Past trade value of salt - Pt -1


Past trade value of salt - Pt -2

In addition to being important to European exploration of North America, salt has also had a significant impact on American, Canadian, and Mexican history. While gathering sea salt on St. Maarten, the first Native Americans in the Caribbean were "discovered" by European explorers. The Portuguese and Spanish fleets used the "wet" method of salting fish onboard, while the French and English fleets used the "dry" or "shore" method of salting fish on racks onshore when the major European fishing fleets discovered the Grand Banks of Newfoundland at the end of the 15th century. French and British fishermen became the first Europeans to settle in North America since the Vikings fifty years previously as a result of this early food processing. Europeans may have limited their fishing to the coasts of Europe and postponed "discovery" of the New World if it weren't for the custom of salting fish.

The pioneers in America were inspired by salt. The British attempted to prevent the American revolutionaries from obtaining salt, and there were salt manufacturers among the heroes of the American Revolution. During the historic Lewis and Clark journey to the Pacific Northwest, William Clark had one thought in particular: salt. Samuel Winslow of the Massachusetts Bay Colony was granted the first patent by the British crown to an American settlers, granting him the only right to produce salt using his specific process for ten years.

Both the Land Act of 1795 and a previous contract between the state of New York and the Onondaga tribe of the Iroquois contained provisions for salt reservations (to prevent monopolies). The manufacture of salt has always been significant in New York. The renowned Erie Canal, which opened in 1825, was dubbed "the ditch that salt built" because its main cargo was salt, a heavy commodity that posed significant transportation challenges. Syracuse, New York, is renowned for its salt industry and goes by the moniker "Salt City." For almost a century, West Virginia and Michigan have valued their salt output. Even though commercial salt production has since ceased in states like Illinois and Nebraska, salt had a significant role in the history of these territories. Additionally, salt was essential during the Civil War. Forced to march in 1864, Union soldiers engaged in a 36-hour fight to take Saltville, Virginia, home of a significant salt production facility that was deemed necessary to support the South's struggling armies. Rebel morale was also damaged by civilian dissatisfaction over the scarcity of salt throughout the Confederacy during the war. A salt museum in Hutchinson, Kansas, captures the significance of salt in Kansas history. Sometimes, traveling across large salt flats was necessary to cover the great distances found in the American West. Windsor Salt is over a century old in Canada. A "salt war" was fought in the American West in El Paso, Texas, and Nevada was well-known for being more than the prominent silver named state.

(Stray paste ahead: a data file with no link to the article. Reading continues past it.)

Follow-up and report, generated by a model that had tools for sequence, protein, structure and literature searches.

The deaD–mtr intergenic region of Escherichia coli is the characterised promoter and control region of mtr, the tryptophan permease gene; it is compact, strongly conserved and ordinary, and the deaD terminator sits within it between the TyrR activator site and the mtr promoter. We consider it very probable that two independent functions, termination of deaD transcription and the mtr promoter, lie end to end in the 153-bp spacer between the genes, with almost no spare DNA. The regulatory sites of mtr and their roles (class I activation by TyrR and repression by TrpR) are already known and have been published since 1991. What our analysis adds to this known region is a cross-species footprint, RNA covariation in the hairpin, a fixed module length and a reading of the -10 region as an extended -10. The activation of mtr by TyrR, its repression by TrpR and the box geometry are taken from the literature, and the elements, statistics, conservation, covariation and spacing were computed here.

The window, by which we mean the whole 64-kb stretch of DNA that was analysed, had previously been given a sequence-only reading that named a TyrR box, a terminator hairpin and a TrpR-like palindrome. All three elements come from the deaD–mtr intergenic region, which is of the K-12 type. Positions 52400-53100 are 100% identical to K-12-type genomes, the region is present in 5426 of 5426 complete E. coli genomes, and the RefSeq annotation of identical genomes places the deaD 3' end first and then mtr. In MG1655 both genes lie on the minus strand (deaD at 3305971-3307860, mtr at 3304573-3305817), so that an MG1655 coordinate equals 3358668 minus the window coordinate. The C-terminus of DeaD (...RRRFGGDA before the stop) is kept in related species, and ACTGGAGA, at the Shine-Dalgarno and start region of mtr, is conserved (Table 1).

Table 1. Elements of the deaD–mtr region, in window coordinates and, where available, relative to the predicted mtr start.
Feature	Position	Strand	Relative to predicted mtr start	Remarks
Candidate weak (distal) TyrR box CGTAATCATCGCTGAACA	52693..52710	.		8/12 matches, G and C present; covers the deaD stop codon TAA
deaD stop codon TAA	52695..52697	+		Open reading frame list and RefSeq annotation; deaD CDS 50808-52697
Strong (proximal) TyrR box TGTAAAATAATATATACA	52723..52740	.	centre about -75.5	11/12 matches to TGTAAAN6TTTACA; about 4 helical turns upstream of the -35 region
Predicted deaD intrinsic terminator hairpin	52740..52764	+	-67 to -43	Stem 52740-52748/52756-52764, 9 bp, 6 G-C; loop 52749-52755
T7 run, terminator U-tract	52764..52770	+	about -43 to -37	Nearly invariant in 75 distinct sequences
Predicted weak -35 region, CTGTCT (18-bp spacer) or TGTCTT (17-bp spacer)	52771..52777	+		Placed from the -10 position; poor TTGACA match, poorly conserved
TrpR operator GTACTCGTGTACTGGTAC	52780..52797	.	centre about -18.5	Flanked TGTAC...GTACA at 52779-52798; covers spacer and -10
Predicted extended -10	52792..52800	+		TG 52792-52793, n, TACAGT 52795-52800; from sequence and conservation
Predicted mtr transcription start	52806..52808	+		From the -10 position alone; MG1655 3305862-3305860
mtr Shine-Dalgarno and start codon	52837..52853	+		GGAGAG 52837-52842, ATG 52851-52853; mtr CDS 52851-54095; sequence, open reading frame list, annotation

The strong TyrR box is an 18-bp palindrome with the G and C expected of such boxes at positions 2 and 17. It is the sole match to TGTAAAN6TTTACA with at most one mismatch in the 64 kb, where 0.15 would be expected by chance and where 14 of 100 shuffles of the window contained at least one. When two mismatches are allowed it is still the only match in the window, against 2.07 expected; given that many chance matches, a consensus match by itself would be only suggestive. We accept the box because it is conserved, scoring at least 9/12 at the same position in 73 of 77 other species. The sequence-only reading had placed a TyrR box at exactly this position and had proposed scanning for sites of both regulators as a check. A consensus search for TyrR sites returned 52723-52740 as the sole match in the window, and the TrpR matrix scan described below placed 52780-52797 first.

Salt is important, as evidenced by the numerous cities, counties, land features, and other landmarks. Naturally, salt has a wide range of applications. While certain applications, like the creation of "salt prints" in photography during the 19th century, have been replaced by new technologies, others have not. But not all "salt history" in America is so old. Pottery with a salt glaze is still in style. Even the American fight for women's rights is linked to salt. Salt was important militarily as well. For example, it is documented that hundreds of Napoleon's soldiers perished during his withdrawal from Moscow as a result of their wounds not healing because there was insufficient salt. When British commander Lord Howe took control of General Washington's salt supply in 1777, he was overjoyed.

Salt has also been subject to special tariffs and governmental monopolies throughout history. By giving a select group of people the exclusive right to produce salt, French kings created a monopoly that was so well-used that it fueled the French Revolution. For a long time, salt taxes benefited British kings, and smuggling salt led to the imprisonment of thousands of Britons. Mahatma Gandhi disobeyed British salt regulations in the modern era to rally support for Indian self-rule. A number of national monopolies have been abolished recently as a result of the World Trade Organization's promotion of free trade, including Taiwan.

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